Mpho Ramoloto, Social Worker and Male Programme
Co-ordinator at Agisanang Domestic Abuse Prevention and Training (ADAPT), believes that men have a vital role to play in ending Gender-Based Violence (GBV).
ADAPT was established in 1994 and is one of the first organisations in South Africa to introduce working with men as one of the effective strategies for confronting violence against women. ADAPT is based at the Alexandra Community Centre in Johannesburg.
It is a non-profi t organisation, funded by the Gauteng Department of Social Development.
As a social worker, Ramoloto provides counselling to perpetrators of domestic violence and GBV.
In general terms, GBV is violence directed against a person because of their gender.
The majority of victims are women and girls and this is largely as a result of unequal power relationships between men and women in society.
Before joining ADAPT two years ago, Ramoloto provided counselling to young boys who were in confl ict with the law. “I have come to realise that I have a passion for healing men and boys.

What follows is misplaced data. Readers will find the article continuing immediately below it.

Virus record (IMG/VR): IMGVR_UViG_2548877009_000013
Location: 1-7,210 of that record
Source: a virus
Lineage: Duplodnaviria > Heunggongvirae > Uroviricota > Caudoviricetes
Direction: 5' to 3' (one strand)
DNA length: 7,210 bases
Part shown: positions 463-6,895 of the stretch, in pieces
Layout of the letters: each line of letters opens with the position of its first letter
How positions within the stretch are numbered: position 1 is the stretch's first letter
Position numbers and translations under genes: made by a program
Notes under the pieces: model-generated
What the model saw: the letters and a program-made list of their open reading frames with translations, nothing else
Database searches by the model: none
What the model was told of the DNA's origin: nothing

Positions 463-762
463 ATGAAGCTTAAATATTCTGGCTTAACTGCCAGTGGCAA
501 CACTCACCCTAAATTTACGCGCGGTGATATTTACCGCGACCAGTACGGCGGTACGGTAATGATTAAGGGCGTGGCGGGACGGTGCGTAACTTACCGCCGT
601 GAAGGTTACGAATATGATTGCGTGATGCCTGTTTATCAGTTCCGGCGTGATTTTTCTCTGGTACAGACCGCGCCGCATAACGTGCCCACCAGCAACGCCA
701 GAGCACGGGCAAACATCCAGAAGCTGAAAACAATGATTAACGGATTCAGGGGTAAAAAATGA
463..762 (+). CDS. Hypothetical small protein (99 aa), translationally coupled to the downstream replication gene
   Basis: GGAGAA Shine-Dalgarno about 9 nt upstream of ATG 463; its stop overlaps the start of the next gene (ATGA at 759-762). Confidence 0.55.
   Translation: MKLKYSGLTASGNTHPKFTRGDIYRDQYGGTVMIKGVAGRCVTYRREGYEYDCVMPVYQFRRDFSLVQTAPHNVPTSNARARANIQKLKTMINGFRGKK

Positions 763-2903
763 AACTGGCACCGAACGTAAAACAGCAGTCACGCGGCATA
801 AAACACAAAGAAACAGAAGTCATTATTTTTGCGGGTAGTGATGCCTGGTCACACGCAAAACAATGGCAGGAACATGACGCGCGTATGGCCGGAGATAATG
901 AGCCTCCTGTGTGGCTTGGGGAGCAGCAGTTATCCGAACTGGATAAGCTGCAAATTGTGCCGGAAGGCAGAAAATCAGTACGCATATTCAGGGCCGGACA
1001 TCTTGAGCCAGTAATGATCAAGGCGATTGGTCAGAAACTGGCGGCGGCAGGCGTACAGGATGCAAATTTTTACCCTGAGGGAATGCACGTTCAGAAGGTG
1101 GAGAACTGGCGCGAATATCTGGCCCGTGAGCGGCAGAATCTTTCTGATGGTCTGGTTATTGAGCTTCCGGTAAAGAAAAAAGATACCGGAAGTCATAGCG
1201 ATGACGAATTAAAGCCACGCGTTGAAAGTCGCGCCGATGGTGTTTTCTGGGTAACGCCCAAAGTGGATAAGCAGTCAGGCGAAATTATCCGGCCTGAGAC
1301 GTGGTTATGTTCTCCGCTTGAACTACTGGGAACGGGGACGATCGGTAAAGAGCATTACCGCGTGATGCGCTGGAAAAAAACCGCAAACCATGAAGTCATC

There has been a shift in society in our efforts to address gender inequalities of the past.
This process has somehow affected many men and boys, leaving them with discomfort and in shock,” he said.
What leads to GBV? Ramoloto said gender stereotypes allow GBV to fl ourish. “Men and women are both products of society.
Behaviour is sometimes a result of observational and social learning because human beings model certain behaviours,” he said.
“Most men expect women to do certain chores or treat them in a certain way because they were conditioned to do so.
If a woman does not do as they expect, they quickly resort to abuse or violence,” he added.
Ramoloto said societal expectations lead to gender roles and gender roles lead to expectations of behaviour and conduct.
When someone does not operate within the prescribed path, things quickly escalate to violence.
“This is also why we fi nd cases of ‘corrective rape’ and abuse levelled against people who do not conform to societal expectations, such as gay men and lesbian women,” he said.
How to stop GBV Feeling tempted to carry out any act of abuse is the first sign that you have a problem
and you need to have a coping mechanism in place to ensure that you don’t resort to violence or abuse
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